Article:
<
>

Restrain the urges to hurl brickbats

The figure 183 is very famous in Indian cricket; it is a number that makes the eyes of cricket fans sparkle and sends tingles down their spines, more than 18 years after it was notched up to become part and parcel of Indian cricket's greatest triumph. But then, syrupy sentiment should be wrenched apart from what is harsh reality. And that is why, when the Indian team was dismissed for 183 in the Standard Bank tri-series final against South Africa at Durban on Friday, we were not happy, notwithstanding the delightful nostalgia involved with that number. We knew that, for every time a total in this region has been defended successfully, there are probably 10 times when it has not.

Yes, another defeat in a tournament final is something to be unhappy about, and the Indians will soon have to do something to rip off the choker's tag. But there is no cause to be too harsh with the team. They came to the title clash with a 3-3 record in the league; honestly, did we expect them to win?

And so it proved. To be candid, the Indians were up against it once Sourav Ganguly and Sachin Tendulkar were dismissed with 31 runs on the board. The over-dependence on just a few players cost Indian cricket dearly yet again. When will the reserve strength of Yuvraj Singh, Virender Sehwag, Reetinder Singh Sodhi and Ajit Agarkar accept the fact that they have had enough opportunities to come good and are still not delivering? Breezy little 20s will not do; they have to rise to the occasion by taking charge of the innings, should the need arise. When I look at the chances some of the youngsters these days are getting and think back to the time when cricketers who were more worthy did not get even half the opportunities, I feel more than a tinge of sadness both for them and the present lot.
Ganguly and Tendulkar have an outstanding record, especially in this competition where they put up partnerships of 258, 193, 101 and 44. By the Law of Averages, they were bound to fail, though it was a pity that it had to come about in the final. But what did the second line of defence do when a golden opportunity to be a hero presented itself? VVS Laxman, Yuvraj and Agarkar came up with 14 runs between them. The match, as a contest, was over at that point. Anil Kumble and Harbhajan Singh again did a commendable job, but they needed some kind of total to back them up. Lord's 1983 and Sharjah 1985 will not keep repeating themselves; those were near-miracles, and miracles, as everyone knows, happen all too infrequently.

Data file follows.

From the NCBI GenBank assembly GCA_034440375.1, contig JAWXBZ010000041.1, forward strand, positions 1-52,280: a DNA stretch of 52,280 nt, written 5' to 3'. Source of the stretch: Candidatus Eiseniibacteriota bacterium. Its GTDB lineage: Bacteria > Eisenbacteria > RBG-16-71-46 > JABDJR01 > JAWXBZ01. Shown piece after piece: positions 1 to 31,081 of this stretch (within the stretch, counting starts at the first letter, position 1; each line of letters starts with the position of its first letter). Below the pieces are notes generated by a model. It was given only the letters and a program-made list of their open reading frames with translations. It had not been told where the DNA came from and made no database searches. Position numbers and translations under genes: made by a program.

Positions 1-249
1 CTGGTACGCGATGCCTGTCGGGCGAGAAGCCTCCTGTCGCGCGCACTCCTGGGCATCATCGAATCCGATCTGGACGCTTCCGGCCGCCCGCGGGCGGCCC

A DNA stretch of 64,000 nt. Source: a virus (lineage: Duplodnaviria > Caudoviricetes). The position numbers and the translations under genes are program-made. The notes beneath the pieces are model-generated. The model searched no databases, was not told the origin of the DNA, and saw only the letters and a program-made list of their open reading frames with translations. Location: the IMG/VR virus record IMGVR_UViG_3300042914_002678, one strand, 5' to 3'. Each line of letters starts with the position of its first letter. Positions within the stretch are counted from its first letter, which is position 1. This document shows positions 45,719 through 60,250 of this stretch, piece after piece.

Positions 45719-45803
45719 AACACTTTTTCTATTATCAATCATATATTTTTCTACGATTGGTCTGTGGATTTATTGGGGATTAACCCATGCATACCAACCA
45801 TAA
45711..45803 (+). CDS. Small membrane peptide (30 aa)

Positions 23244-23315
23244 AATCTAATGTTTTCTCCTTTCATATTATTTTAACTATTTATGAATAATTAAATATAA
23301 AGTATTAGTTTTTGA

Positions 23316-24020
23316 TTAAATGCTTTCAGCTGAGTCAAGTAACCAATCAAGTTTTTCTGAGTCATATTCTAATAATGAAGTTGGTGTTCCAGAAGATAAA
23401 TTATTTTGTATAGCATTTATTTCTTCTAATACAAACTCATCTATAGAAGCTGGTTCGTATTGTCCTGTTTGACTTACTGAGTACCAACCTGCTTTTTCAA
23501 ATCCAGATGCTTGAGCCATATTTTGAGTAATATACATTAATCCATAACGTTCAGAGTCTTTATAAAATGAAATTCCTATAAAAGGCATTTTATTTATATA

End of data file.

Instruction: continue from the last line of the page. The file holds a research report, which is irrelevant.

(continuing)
Yes, another defeat in a tournament final is something to be unhappy about, and the Indians will soon have to do something to rip off the choker's tag. But there is no cause to be too harsh with the team. They came to the title clash with a 3-3 record in the league; honestly, did we expect them to win? Okay, we have some superstars and a bunch of talented youngsters. But then, the South Africans are a pretty formidable outfit too. A side that possesses the likes of Gary Kirsten, Jacques Kallis, Lance Klusener, Herschelle Gibbs, Shaun Pollock, Nantie Hayward, Jonty Rhodes and Mark Boucher is a very strong all-round side. Too often, in our blind loyalty to the Indian team, we lose track of this. If we are tigers at home, so are the South Africans in their own country. India lost to them in the Standard Bank series five years ago. In 1992-93, the one-day series was lost 2-5 to a side that was still feeling its way in international cricket after a two-decade-long lay-off. Friday's defeat was not a disastrous one, like losing to Kenya the other day or getting beaten by Zimbabwe in the last World Cup. India lost to a better team; but did they have to go down so tamely? Admittedly, the one worrying factor is that they went down without a fight, succumbing to the pressure.

Trying to pinpoint reasons for the defeat, Ganguly has admitted that he does not know of any solutions. The smart thing to do would be to not worry too much about this defeat. The Indians should put it behind them and concentrate on the Test series. They will have to raise the level of their game to a higher plane and, having lost the battle, they could still win the war. After all, we did mention something about miracles happening now and then. So why not now?